Last week I worked Hotline at the Walker, an installation where visitors can call a number and ask people like (*gulp*) me (?) anything. Someone called and asked how they could ensure being the next Van Gogh. I attempted to walk the line between being cheesy and helpful: you can't be the next Van Gogh, but you can be you, or something like that. We talked about developing a voice and how it's actually pretty problematic in the arts when your work looks like everyone else's.


I've been pondering my own advice as I think about what the next year might hold for me artistically. I write a lot here about how I'm a fan of parameters and assignments for making work. It's almost impossible to walk into a studio with the assignment to "just make something" without coming out with either nothing or something about as interesting as lukewarm dishwater. We need specifications and intention and restriction to create. When I choose projects, I try to begin with my 'why'-- why the hell do I make things in the first place? What can I offer that's unique to me? This helps me choose from what could otherwise be an overwhelming list of possibilities. 


What I keep coming back to is that I want to put my energy and time into making small art. And I'm not just referring to the living room performance series, but also to things that don't look like performance at all; 'small art' as more of a mantra or approach. I've been thinking about...

+ Committing to life-making as much as art-making: According to a lot of the art-as-social-practice folks I met through Open Field, there isn't much of a line between the two-- how we live our lives is how we make our art, and life is art (or at least can be); why would be try to separate them? In the last few years I've worked through some pretty intense life things-- sorting through a lot of my own emotional garbage, supporting my husband as he entered recovery from alcoholism and works to manage depression, learning how to, ugh, be an adult and create a life I like. And some of this intensity has made me feel less "man, I just really want to make a performance!" and more "wow! we made it! Let's quietly relish in this big joy. Let's take a nap and eat a meal and check out our Netflix queue." These moments, along with the seemingly insignificant nights of conversation with friends over wine in my living room, punctuate my life as much as any big project or achievement. I don't need to be pushing the boundaries of my art form in order to find value in an experience.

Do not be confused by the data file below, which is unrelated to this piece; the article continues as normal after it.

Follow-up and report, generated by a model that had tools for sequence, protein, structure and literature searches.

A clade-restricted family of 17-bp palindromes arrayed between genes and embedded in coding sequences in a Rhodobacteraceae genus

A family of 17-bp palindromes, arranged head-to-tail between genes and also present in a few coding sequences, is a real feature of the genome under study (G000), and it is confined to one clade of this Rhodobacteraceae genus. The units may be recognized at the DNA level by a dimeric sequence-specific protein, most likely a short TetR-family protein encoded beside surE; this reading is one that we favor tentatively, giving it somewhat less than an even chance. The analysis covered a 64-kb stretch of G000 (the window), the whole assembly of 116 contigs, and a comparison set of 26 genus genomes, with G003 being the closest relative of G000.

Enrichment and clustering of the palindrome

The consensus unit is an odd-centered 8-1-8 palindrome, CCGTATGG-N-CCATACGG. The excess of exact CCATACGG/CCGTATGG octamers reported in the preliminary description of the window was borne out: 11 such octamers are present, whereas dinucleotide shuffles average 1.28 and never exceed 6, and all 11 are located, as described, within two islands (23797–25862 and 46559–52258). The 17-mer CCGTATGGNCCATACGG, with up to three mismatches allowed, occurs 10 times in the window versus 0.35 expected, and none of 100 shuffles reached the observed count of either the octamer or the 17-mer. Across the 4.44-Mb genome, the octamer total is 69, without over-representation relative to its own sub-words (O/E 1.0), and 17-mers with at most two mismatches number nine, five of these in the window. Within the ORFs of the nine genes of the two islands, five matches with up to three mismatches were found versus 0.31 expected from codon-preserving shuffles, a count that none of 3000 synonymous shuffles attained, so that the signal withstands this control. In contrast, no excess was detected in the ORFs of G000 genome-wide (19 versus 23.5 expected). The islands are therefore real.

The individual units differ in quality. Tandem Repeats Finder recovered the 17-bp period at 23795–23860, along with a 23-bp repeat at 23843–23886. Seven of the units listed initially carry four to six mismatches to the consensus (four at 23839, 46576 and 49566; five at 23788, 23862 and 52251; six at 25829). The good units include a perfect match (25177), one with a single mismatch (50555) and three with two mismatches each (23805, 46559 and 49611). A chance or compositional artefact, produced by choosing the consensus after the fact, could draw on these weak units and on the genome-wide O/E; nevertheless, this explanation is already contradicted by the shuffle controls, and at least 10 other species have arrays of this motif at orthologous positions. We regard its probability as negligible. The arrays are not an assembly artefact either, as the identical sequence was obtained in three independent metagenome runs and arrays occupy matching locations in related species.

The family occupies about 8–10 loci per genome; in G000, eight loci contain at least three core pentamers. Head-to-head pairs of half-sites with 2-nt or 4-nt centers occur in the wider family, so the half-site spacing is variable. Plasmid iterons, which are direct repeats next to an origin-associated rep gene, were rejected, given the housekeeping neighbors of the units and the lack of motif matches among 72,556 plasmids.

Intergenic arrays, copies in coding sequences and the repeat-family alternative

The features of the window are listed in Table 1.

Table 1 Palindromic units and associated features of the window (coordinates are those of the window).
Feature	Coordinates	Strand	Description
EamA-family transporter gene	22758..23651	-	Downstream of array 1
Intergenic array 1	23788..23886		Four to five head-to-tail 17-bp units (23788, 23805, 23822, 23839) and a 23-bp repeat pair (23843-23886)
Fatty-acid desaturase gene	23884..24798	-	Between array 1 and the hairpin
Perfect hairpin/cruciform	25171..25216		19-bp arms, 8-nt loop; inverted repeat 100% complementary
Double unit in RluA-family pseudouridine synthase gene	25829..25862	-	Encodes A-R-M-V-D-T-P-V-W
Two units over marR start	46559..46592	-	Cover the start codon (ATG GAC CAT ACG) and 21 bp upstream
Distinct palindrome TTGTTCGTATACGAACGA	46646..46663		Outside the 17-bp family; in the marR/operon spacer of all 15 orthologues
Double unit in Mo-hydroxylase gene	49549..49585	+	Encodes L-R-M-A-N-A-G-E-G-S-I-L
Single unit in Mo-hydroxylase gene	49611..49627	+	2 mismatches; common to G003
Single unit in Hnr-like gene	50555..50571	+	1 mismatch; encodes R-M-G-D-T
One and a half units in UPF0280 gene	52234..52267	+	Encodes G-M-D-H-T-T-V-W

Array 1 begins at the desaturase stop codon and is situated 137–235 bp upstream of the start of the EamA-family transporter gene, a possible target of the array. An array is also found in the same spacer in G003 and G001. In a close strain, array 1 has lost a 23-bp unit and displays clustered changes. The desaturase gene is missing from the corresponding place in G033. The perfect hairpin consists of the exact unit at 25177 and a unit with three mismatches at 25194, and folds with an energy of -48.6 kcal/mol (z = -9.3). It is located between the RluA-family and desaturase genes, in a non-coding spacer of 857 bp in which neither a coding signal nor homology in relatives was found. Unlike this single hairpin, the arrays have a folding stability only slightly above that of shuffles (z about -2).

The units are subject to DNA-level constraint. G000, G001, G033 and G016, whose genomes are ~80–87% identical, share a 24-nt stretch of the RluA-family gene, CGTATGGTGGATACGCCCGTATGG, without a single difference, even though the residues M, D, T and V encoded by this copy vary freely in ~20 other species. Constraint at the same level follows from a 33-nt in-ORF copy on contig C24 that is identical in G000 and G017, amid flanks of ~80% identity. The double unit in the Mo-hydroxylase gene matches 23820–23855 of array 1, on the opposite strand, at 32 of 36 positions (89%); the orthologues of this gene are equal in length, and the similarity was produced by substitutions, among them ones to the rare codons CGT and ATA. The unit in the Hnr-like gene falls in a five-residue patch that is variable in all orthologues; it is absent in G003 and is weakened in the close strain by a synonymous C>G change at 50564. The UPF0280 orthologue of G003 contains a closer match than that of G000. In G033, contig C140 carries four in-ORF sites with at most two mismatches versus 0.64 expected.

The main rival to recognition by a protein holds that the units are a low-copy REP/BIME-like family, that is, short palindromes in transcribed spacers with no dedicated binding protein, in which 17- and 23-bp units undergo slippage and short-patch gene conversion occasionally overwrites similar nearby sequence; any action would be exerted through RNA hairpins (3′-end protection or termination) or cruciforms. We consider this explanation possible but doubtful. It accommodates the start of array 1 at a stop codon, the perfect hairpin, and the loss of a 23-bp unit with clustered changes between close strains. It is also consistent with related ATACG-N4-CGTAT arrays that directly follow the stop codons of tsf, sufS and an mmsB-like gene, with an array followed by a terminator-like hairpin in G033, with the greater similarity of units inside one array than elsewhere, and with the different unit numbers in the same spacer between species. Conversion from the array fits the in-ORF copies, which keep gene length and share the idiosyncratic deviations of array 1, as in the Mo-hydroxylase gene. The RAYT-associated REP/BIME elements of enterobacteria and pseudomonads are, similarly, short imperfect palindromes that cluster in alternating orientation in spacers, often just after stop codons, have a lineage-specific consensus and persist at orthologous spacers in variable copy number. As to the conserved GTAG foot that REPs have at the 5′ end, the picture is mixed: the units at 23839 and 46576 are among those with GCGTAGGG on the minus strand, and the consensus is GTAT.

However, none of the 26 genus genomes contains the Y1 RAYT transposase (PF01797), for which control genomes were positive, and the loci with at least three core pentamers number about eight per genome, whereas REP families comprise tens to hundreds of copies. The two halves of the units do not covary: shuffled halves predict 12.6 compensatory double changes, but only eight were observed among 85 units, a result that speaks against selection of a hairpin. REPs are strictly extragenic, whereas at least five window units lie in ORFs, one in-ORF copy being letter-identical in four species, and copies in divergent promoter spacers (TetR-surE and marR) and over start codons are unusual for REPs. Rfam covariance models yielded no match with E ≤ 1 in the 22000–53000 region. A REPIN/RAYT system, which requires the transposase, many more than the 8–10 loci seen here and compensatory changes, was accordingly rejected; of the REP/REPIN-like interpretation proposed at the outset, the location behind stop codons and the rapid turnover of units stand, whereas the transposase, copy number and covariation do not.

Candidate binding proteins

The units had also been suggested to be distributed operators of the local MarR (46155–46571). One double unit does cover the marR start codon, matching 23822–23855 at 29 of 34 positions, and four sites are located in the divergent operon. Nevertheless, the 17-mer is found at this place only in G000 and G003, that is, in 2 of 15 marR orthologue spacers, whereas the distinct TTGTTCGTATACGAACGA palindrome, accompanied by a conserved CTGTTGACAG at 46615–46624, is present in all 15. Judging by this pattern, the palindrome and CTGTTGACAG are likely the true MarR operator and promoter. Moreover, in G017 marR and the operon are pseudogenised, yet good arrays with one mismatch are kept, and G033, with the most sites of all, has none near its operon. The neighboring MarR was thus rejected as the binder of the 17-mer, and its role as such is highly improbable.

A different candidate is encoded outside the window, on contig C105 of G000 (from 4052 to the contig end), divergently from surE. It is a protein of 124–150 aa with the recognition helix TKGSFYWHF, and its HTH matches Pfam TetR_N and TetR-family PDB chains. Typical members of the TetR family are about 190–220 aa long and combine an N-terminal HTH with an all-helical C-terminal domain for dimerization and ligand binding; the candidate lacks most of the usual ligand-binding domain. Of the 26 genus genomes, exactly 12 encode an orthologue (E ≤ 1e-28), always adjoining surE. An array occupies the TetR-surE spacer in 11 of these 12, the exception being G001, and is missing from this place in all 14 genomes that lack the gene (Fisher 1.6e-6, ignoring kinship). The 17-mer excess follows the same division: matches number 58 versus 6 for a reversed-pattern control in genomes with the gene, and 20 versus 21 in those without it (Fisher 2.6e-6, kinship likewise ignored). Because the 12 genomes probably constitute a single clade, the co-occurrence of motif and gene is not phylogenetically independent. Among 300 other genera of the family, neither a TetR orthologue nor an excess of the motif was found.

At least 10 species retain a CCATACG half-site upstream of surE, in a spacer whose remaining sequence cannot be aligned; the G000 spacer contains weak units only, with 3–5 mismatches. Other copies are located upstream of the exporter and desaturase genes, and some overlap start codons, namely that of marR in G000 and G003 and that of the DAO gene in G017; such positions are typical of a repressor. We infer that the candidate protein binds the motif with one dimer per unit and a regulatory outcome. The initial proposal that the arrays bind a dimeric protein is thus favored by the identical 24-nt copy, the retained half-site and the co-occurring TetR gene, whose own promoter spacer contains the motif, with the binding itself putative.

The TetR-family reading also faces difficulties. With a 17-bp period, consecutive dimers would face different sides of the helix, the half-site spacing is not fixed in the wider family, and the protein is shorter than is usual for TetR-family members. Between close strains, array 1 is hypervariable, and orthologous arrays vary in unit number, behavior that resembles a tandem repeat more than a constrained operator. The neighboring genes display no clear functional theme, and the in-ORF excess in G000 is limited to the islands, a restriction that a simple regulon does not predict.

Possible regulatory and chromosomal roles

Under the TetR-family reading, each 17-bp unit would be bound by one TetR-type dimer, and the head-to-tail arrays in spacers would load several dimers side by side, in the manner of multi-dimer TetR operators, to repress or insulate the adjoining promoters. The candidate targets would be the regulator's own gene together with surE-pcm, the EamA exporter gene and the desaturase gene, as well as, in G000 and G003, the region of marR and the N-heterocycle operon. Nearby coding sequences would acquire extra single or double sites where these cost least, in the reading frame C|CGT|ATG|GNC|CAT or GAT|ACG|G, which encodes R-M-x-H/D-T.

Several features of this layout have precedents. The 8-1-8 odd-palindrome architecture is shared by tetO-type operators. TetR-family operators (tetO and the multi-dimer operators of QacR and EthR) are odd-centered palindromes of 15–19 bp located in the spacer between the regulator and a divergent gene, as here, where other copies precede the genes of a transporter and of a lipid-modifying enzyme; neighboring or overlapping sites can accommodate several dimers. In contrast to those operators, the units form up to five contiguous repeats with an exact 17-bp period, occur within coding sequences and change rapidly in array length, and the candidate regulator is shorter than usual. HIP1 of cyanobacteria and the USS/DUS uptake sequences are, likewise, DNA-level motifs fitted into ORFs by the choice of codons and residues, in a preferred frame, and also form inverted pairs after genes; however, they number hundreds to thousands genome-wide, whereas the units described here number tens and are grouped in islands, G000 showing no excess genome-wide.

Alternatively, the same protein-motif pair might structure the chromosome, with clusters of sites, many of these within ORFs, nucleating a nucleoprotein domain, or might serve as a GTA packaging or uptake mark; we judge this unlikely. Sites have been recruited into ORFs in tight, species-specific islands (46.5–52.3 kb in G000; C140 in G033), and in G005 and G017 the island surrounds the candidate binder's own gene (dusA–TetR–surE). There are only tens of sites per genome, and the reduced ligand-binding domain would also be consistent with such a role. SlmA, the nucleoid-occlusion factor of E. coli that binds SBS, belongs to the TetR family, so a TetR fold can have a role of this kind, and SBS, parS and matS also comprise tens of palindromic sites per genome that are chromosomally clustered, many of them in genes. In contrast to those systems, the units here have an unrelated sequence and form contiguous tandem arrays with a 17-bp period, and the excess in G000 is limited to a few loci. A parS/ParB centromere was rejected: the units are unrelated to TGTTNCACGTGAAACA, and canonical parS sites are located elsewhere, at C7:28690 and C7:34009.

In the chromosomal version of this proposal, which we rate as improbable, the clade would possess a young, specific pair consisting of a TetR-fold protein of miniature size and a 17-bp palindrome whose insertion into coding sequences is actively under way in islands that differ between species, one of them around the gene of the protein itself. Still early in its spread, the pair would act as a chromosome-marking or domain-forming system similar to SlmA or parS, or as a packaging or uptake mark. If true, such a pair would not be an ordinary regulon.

+ Coming together: My biggest passion is creating opportunities for people to come together, and I think that performance is a really great vehicle for this and that artists excel at encouraging connection. Ben and I have been working to find ways to fund and expand Small Art-- the performance series, that is. For now I'm happy to say that we'll be hosting another one on April 23 & 24. I'm also excited about finding way of integrating my own choreography/performance work into this small-scale, barebones format.

+ More dinner parties: And while we're at it, why not just have more dinner parties? (Or resource parties?) We had a super social January, and though I still think I'm more of an introvert at heart, I've really loved coming together with other humans. I don't need a Small Art performance to do this-- sometimes it's just nice to drink wine (or exotic sparkling water) with good friends or perfect strangers. (I had hoped to do a series of dinners with strangers this winter-- maybe it's not too late?) Point being: small occasions for coming together can be just as satisfying as the big, carefully planned performances. Again, the 'life-as-art' thing.

+ V is for 'values': So yes, I value intimate experiences with other humans, and opportunities to share the good and hard of life. And I also value living within my means and being able to afford my health insurance and being able to pay the artists I work with fairly. I'm able to make performance more affordably when I make it on a smaller scale with fewer dancers in a small (free!) venue. And yes, I do get downright jealous when I see 12 dancers on stage in someone's work. But, until I find a money tree, that's where I'm at. I have certain parameters I'm working with. I like to buy my groceries at the coop; I need to make my work with consideration to money and time (like a musician makes an album).

+ Art for me: I've been improvising more regularly on my own-- sometimes in a studio and sometimes in my living room. It's free, except for the cost of my time and the space (which is often discounted or free). I notice things that work...or don't...and write a lot in between. It might end up finding its way into a piece someday or not. But the point is: I find it satisfying and a nice way to continue to 'practice' without needing to commit to the expense of making a whole formal piece. And sometimes writing in this blog space is a really nice change of pace from performance making or directing.

+ Art for you: I've continue to find a surprising amount of satisfaction in producing and attending and promoting the work that other artists are making.


So, this is the approach to art-making I want to take this year. I want to ask, what can I do with what I have and how can I make it fun? How can it be used to make people feel closer to one another?  And yes, committing to this approach means saying goodbye to some things (and missing out on the cool kids' table) --  at least for now. Maybe 'big art' will be the thing of my 40's. I'm not closed off to the idea. 

[Photos of our small house by Marie Ketring for Pollen Midwest.]